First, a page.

Notice the activities that are feeding into the engagement funnel. When we publish a blog post or present something at a meetup, we are interested in understanding the impact of these activities on user engagement. For example, a cool blog post that mentions your product may lead to a lot of unique site visits (acquisition), but those same visitors may be less interested in downloading your product (activation). On the other hand, when you present your project at a very relevant online meetup, you may have fewer website visits (acquisition), but a much higher percentage of downloads of your product (activation).

Measure and learn

Each week, we look at multiple metrics in each level of engagement and document the data (e.g., number of downloads). We document the unique outreach activities that we did during that same week (e.g., blog posts or new releases) in parallel. This way, we are able to actively measure ourselves each week and learn about which activities are effective in increasing engagement in our project.

Please share your feedback

Like I said, this methodology is a work in progress. I'd be really interested in hearing how other open source projects approach this subject. Please leave your feedback in the comments section, and together we can create a new generation of open source pirates.

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Gaby Fachler is the open source community manager for the CloudSlang project ( He is also an experienced IT Project Manager responsible for execution and governance of software deliveries across multiple domains and geographies.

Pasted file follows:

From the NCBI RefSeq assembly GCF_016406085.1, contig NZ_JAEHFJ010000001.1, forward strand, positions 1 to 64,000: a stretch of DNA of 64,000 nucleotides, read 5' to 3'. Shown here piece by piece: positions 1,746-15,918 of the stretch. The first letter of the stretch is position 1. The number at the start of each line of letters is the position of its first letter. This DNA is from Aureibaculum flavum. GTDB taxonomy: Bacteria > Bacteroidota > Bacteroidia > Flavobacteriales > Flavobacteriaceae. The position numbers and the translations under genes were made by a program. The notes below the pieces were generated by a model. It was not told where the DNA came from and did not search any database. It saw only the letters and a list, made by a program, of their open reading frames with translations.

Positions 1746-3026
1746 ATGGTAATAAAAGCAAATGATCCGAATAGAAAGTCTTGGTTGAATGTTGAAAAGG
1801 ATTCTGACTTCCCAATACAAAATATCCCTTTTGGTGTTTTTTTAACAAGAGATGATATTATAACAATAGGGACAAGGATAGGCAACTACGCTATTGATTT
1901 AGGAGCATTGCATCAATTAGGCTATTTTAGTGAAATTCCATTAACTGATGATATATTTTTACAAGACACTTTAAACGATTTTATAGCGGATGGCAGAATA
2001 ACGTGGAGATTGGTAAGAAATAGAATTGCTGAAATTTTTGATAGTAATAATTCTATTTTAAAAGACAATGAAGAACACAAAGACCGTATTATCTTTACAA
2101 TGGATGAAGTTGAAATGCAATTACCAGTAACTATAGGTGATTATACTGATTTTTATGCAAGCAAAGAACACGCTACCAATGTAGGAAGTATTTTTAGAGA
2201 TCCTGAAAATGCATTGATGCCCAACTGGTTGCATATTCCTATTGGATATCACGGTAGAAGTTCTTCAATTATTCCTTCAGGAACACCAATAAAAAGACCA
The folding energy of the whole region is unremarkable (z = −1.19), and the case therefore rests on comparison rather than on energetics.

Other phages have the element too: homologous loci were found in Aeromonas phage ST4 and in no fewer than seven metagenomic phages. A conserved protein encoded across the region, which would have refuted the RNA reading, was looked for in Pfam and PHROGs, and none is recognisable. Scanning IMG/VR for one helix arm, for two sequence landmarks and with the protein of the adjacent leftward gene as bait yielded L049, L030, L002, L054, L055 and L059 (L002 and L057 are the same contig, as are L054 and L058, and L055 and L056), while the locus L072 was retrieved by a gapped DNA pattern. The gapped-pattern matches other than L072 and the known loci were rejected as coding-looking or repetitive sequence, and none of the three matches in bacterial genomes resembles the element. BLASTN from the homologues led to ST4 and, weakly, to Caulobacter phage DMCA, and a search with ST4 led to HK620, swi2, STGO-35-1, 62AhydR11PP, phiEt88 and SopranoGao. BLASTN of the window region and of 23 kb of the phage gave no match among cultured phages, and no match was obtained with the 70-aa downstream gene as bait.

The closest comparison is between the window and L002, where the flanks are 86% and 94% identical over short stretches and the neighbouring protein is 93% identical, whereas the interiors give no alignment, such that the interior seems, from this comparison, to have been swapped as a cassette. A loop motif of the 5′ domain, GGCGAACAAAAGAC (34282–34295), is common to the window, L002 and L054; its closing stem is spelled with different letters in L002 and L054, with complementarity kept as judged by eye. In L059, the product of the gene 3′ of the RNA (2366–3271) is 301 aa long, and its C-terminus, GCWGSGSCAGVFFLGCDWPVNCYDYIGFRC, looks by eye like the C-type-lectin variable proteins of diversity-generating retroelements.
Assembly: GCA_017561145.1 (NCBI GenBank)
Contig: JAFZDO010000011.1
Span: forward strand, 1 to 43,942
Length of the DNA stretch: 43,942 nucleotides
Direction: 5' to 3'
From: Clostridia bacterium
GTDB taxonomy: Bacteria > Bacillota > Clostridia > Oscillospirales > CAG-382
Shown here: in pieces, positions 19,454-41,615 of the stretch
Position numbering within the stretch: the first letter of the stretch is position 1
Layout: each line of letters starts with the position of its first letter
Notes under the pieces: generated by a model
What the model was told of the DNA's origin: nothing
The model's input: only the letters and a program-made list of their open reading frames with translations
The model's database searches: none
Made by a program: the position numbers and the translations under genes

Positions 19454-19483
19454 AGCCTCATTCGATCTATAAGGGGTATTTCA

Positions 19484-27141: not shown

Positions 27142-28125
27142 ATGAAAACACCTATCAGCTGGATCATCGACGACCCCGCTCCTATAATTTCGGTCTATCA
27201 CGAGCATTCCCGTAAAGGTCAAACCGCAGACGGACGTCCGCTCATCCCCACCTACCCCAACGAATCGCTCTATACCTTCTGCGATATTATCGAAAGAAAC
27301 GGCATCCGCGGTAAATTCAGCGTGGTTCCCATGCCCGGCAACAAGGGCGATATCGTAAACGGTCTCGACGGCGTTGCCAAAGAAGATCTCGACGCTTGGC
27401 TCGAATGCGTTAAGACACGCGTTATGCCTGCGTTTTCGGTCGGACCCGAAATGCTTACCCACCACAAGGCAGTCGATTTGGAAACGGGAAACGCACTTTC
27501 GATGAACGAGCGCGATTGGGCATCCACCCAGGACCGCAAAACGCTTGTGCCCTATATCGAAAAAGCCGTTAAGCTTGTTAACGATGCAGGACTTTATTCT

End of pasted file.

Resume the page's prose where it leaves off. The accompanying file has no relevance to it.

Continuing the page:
1 Comment

That was a very interesting article on funneling contributors. It follows a very similar trend in sales when salesmen are looking for new customers. You have to contact a certain number of people just to find one person that is interested in you (your product or the project you're working on)

Two important points:

One should never give up in his efforts to find contributors (or customers). They can come from the strangest places that you could have never dream of initially.

Second, even though in the end you have only one, two or three people that do all the real work, the problem is you don't know who those people are when you start. Sometimes major contributors themselves don't know how much they can contribute until everyone starts working together. Then, as things progress, they explode with energy and contribution.

It is great that you have weekly review meetings to confirm if you are on track or not. I have found doing sales training that some people work very hard looking for customers using a poorly developed customer list (They work very hard for few sales.) Others have a good customer list, but are too lazy to contact anyone. (They too generate few sales.) It is ideal to continue to review the contact list used, the method of contacting people and to confirm that people are actually being contacted.

The key is to continue to explore. One thing I've learned about open organizations and open sourcing is the value of building a quality community take time but it can achieve things that no one never thought possible.